Russian hackers posing as ISIS threatened the U.S military wives
Army wife Angela Ricketts was soaking in a bubble bath in her Colorado home, leafing through a memoir, when a message appeared on her iPhone from hackers threatening to slaughter her family.
“Dear Angela!” the Facebook message read. “Bloody Valentine’s Day!”
“We know everything about you, your husband and your children,” the message continued, claiming that the hackers operating under the flag of Islamic State militants had penetrated her computer and her phone. “We’re much closer than you can even imagine.”
Ricketts was one of five military wives who received death threats from the self-styled CyberCaliphate on the morning of Feb. 10, 2015. The warnings led to days of anguished media coverage of Islamic State militants’ online reach.
Except it wasn’t IS.
The Associated Press has found evidence that the women were targeted not by jihadists but by the same Russian hacking group that intervened in the American election and exposed the emails of Hillary Clinton’s presidential campaign chairman, John Podesta.
The brazen false flag is a case study in the difficulty of assigning blame in a world where hackers routinely borrow one another’s identities to throw investigators off track. The operation’s attempt to hype the threat of radical Islam also presaged the inflammatory messages pushed by internet trolls during the U.S. presidential race.
Links between CyberCaliphate and the Russian hackers — typically nicknamed Fancy Bear or APT28 — have been documented previously. On both sides of the Atlantic, the consensus is that the two groups are closely related.
But that consensus never filtered through to the women involved, many of whom were convinced they had been targeted by Islamic State sympathizers right up until the AP contacted them.
“Never in a million years did I think that it was the Russians,” said Ricketts, an author and advocate for veterans and military families. She called the revelation “mind blowing.”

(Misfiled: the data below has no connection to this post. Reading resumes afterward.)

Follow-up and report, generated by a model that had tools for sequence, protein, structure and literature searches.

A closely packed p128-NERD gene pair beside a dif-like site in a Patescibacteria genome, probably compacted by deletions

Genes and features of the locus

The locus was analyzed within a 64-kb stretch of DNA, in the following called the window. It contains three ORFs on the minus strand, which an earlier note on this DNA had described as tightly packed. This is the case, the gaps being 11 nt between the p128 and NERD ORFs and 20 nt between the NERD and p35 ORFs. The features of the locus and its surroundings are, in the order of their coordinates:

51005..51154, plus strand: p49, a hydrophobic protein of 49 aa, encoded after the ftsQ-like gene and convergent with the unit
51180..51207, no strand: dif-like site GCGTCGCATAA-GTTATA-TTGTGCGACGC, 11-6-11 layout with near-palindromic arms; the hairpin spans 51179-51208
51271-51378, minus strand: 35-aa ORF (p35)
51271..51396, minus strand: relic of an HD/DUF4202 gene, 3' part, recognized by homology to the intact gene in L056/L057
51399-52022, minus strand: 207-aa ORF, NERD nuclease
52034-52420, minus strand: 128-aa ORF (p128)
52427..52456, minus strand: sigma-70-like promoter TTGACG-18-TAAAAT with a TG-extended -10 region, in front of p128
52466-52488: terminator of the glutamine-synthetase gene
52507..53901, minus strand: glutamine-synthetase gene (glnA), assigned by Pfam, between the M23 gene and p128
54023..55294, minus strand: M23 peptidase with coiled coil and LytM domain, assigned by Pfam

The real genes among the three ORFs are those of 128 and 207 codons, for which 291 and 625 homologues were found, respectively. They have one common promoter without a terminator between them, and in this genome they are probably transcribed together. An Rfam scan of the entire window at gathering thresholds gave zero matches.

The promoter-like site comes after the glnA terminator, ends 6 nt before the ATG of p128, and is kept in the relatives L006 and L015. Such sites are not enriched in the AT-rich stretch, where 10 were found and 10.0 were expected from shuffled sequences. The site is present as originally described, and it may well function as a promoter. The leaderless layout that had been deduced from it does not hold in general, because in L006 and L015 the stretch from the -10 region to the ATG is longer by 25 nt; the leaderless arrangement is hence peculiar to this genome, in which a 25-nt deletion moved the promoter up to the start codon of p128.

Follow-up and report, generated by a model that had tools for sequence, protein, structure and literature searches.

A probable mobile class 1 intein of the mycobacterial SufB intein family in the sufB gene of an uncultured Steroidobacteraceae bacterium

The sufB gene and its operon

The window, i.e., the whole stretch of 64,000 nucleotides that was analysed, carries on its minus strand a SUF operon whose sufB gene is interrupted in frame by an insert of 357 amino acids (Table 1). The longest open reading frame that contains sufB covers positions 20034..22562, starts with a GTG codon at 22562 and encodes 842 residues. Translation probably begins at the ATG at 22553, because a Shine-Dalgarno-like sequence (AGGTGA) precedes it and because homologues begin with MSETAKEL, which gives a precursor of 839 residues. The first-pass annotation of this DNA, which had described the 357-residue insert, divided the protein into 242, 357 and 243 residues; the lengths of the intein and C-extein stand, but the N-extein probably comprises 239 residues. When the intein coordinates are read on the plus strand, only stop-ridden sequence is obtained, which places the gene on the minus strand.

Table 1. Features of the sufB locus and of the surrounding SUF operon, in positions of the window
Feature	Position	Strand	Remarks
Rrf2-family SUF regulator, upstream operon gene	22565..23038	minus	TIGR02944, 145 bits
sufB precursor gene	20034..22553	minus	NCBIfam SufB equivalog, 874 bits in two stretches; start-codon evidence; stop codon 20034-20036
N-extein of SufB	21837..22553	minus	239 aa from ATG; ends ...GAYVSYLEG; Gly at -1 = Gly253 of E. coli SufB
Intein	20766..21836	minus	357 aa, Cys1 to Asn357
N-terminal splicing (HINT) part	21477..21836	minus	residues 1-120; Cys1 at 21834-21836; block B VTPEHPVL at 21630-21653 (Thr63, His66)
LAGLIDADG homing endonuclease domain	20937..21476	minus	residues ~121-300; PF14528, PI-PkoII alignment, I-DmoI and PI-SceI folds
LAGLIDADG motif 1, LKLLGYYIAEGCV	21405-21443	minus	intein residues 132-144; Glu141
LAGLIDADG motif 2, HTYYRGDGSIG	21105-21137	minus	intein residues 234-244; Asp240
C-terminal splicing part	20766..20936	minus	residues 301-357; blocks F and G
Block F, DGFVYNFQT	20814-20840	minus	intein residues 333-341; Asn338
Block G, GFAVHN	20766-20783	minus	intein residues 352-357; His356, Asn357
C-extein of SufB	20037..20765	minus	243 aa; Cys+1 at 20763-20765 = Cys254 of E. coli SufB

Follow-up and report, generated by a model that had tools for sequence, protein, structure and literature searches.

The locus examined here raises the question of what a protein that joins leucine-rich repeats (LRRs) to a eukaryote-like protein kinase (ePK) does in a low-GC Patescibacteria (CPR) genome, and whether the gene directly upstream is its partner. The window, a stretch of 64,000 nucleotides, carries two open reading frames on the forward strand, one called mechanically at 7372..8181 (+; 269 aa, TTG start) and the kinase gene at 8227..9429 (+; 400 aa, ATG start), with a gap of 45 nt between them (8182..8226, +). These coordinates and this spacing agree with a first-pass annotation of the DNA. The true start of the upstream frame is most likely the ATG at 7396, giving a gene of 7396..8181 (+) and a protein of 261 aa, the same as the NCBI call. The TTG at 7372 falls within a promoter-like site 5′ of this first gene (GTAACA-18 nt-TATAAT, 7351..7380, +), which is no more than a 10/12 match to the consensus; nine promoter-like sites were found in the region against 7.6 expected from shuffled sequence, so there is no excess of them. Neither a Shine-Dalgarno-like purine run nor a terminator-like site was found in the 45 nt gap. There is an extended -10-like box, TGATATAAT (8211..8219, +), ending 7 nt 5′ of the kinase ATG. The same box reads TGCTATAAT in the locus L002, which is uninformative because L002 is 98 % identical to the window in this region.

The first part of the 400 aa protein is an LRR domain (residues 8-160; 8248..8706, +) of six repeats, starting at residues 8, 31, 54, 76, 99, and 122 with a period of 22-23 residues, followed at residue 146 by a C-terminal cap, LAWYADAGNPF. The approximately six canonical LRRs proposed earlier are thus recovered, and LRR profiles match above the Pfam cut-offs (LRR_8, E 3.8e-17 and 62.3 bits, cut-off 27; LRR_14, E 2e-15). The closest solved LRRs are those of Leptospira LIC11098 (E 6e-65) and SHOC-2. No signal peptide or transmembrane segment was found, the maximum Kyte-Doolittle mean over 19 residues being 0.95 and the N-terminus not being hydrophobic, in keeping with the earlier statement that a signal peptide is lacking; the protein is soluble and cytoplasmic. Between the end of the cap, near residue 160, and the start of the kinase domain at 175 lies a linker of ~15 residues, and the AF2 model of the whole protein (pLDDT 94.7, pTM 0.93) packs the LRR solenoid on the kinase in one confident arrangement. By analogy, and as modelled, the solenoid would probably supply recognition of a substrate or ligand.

“It feels so hilarious and insidious at the same time.”
As Ricketts scrambled out of the tub to show the threat to her husband, nearly identical messages reached Lori Volkman, a deputy prosecutor based in Oregon who had won fame as a blogger after her husband deployed to the Middle East; Ashley Broadway-Mack, based in the Washington, D.C., area and head of an association for gay and lesbian military family members; and Amy Bushatz, an Alaska-based journalist who covers spouse and family issues for Military.com.
Liz Snell, the wife of a U.S. Marine, was at her husband’s retirement ceremony in California when her phone rang. The Twitter account of her charity, Military Spouses of Strength, had been hacked. It was broadcasting public threats not only to herself and the other spouses, but also to their families and then-first lady Michelle Obama.
Snell flew home to Michigan from the ceremony, took her children and checked into a Comfort Inn for two nights.
“Any time somebody threatens your family, Mama Bear comes out,” she said.
The women determined they had all received the same threats. They were also all quoted in a CNN piece about the hacking of a military Twitter feed by CyberCaliphate only a few weeks earlier. In it, they had struck a defiant tone and suspected that CyberCaliphate decided to single them out for retaliation.
“Fear is exactly what — at the time — we perceived ISIS wanted from military families,” said Volkman, using another term for the Islamic State group.
Volkman was quoted in half a dozen media outlets; Bushatz wrote an article describing what happened; Ricketts, interviewed as part of a Fox News segment devoted to the menace of radical Islam, told TV host Greta Van Susteren that the nature of the threat was changing.
“Military families are prepared to deal with violence that’s directed toward our soldiers,” she said. “But having it directed toward us is just complete new ground.”